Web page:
Multiple Myeloma an incurable disease, but I have spent the last 25 years in remission using a blend of conventional oncology and evidence-based nutrition, supplementation, and lifestyle therapies from peer-reviewed studies that your oncologist probably hasn't told you about.
Click the orange button to the right to learn more about what you can start doing today.
When you were diagnosed with multiple myeloma, FISH analysis determined that you had a genetic abnormality- a t11/14 or 11/14 translocation. You thought this meant that your MM was more difficult to treat. So when you became relapsed/refractory you weren’t surprised.
Don’t misunderstand me. Relapsed/refractory multiple myeloma is not only difficult to treat but can mean that you are running out of options to manage your MM.
After years of treatment, toxicity, side effects, etc. you may be getting tired. Your MM is wearing you out.
According to the study linked and excerpted below, your t11/14 increases the likelihood of your relapsed/refractory MM responding to the triplet chemo cocktail ventoclax, bortezomib (velcade) and dexamethasone (VVd).
Before you jump for joy or rush to schedule an appointment with your oncologist, keep in mind that the study below does not discuss the side effects aka adverse events experienced by the trial group. Yes, the group of MM patients responded well to VVd but a what cost?
Also keep in mind that if you have already undergone 1-3 different types of chemotherapy, your body will probably be exhausted from all the previous toxicity. Consider complementary therapies to boost your immune function such as moderate exercise, yoga, whole-body hyperthermia, massage, others.
I have linked websites listing the side effects aka adverse events of both ventaclax as well as velcade below. It is possible that the combination of these two toxic therapies could worsen common side effects. Further, if your body is already wracked with previous chemotherapy, you may be more susceptible to yet another chemotherapy triplet.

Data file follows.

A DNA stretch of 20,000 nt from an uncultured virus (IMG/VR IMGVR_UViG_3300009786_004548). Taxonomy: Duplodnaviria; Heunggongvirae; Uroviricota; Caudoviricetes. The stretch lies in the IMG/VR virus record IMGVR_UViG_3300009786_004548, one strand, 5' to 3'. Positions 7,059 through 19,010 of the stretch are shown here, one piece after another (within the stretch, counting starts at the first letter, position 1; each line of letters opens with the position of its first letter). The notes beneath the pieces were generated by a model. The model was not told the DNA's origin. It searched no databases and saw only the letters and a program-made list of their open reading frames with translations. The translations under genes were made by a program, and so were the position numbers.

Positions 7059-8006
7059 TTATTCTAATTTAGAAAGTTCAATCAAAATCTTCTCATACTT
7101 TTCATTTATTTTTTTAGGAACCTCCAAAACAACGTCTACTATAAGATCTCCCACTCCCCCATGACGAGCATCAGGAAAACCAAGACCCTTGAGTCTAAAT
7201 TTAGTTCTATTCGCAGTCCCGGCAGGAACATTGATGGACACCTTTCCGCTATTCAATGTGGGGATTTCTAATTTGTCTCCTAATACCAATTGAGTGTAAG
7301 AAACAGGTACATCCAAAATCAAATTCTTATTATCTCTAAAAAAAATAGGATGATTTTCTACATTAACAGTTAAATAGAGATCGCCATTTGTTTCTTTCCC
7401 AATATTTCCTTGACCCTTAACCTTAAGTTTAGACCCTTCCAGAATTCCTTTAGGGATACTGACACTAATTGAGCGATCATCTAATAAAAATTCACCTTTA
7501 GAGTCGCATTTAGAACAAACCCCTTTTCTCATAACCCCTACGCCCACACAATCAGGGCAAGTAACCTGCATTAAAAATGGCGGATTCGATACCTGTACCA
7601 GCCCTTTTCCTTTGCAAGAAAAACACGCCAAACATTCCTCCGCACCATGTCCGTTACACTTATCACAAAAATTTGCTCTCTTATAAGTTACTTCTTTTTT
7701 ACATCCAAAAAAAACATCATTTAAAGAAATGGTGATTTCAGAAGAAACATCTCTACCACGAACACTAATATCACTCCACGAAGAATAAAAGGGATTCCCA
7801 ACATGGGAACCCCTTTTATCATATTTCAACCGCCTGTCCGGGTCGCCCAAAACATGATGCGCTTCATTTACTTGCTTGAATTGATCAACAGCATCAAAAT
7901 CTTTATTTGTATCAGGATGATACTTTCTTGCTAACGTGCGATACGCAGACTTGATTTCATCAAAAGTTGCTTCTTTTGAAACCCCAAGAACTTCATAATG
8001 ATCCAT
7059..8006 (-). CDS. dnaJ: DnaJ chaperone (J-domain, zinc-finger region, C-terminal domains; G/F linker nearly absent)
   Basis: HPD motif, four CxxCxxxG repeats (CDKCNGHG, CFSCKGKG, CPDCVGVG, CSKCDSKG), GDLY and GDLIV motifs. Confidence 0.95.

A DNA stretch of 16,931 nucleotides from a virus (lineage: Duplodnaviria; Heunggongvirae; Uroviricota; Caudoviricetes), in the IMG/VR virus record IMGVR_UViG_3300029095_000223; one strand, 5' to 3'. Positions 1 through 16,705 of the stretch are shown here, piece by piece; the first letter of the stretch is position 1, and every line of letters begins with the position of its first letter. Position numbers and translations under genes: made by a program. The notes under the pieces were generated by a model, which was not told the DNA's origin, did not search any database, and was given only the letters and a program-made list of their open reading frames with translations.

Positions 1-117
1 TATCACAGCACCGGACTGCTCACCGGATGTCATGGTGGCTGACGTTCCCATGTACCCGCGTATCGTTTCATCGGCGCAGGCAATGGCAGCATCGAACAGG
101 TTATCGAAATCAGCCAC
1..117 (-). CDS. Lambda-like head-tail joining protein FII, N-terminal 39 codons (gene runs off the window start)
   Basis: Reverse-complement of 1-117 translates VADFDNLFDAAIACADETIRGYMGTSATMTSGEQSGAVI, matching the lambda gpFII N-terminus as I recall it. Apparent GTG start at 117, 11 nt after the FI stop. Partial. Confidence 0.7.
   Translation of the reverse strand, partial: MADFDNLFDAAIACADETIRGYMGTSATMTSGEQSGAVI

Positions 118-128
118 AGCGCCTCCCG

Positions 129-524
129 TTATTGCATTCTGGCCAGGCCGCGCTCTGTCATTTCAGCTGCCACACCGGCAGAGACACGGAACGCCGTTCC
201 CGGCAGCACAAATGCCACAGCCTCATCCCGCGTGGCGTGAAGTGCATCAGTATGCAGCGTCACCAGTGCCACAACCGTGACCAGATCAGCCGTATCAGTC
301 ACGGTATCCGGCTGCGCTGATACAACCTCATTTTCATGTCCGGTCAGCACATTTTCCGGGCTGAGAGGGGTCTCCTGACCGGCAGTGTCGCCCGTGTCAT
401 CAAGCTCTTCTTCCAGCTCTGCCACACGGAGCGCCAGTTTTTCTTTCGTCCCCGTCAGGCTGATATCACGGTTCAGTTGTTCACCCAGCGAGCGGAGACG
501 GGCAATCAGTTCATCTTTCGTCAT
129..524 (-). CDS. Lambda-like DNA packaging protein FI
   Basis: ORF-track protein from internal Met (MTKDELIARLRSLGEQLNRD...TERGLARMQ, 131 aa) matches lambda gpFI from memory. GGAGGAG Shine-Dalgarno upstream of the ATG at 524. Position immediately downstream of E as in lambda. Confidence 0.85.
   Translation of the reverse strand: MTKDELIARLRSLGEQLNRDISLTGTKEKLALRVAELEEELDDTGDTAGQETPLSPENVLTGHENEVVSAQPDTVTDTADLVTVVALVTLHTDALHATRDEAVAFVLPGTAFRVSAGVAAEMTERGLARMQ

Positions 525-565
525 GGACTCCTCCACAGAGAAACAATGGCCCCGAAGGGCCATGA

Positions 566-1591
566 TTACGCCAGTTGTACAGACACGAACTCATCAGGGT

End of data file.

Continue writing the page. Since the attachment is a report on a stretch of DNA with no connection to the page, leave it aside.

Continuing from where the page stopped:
My apologies for being a bit of a Debby Downer. I believe an ounce of prevention is worth a pound of cure.
Have you become relapsed/refractory? Are you t11/14? Scroll down the page, post a question or comment and I will reply to you ASAP.
Hang in there,
“The phase III BELLINI trial (NCT02755597) demonstrated translocation(t)(11;14) and high BCL2 gene expression are predictive of response to treatment with the addition of venetoclax (Venclexta) to bortezomib (Velcade) plus dexamethasone in patients with relapsed/refractory multiple myeloma…
Moreover, the triplet regimen led to promising response rates in patients with relapsed/refractory myeloma…
In the venetoclax arm,
versus 40%, 7%, and 1% in the placebo arm, respectively…
In the t(11;14) subgroup, venetoclax induced a
versus 47%, 27%, 7%, and 0% with placebo, respectively…
The randomized double-blind, multicenter phase III BELLINI trial evaluated the efficacy of adding venetoclax to bortezomib plus dexamethasone compared with placebo and bortezomib plus dexamethasone in patients who received 1 to 3 prior lines of therapy and were either sensitive or naïve to proteasome inhibitors (PIs)…
Patients also had to have received 1 to 3 prior lines of therapy, which could include prior bortezomib or another PI. However, patents were not included if they became refractory to a prior PI, received a PI treatment within 60 days of the first dose of the study drug…
Venetoclax is a highly selective and potent oral BCL-2 inhibitor, which can induce apoptosis and has synergistic activity with bortezomib plus dexamethasone. Previous phase I data demonstrated encouraging clinical efficacy with the triplet regimen in patients with t(11;14) multiple myeloma, as well as in a broader population of patients with myeloma…”
“In Summary- Commonly reported side effects of venetoclax include: tumor lysis syndrome and neutropenia. See below for a comprehensive list of adverse effects…”
“Along with its needed effects, bortezomib may cause some unwanted effects. Although not all of these side effects may occur, if they do occur they may need medical attention.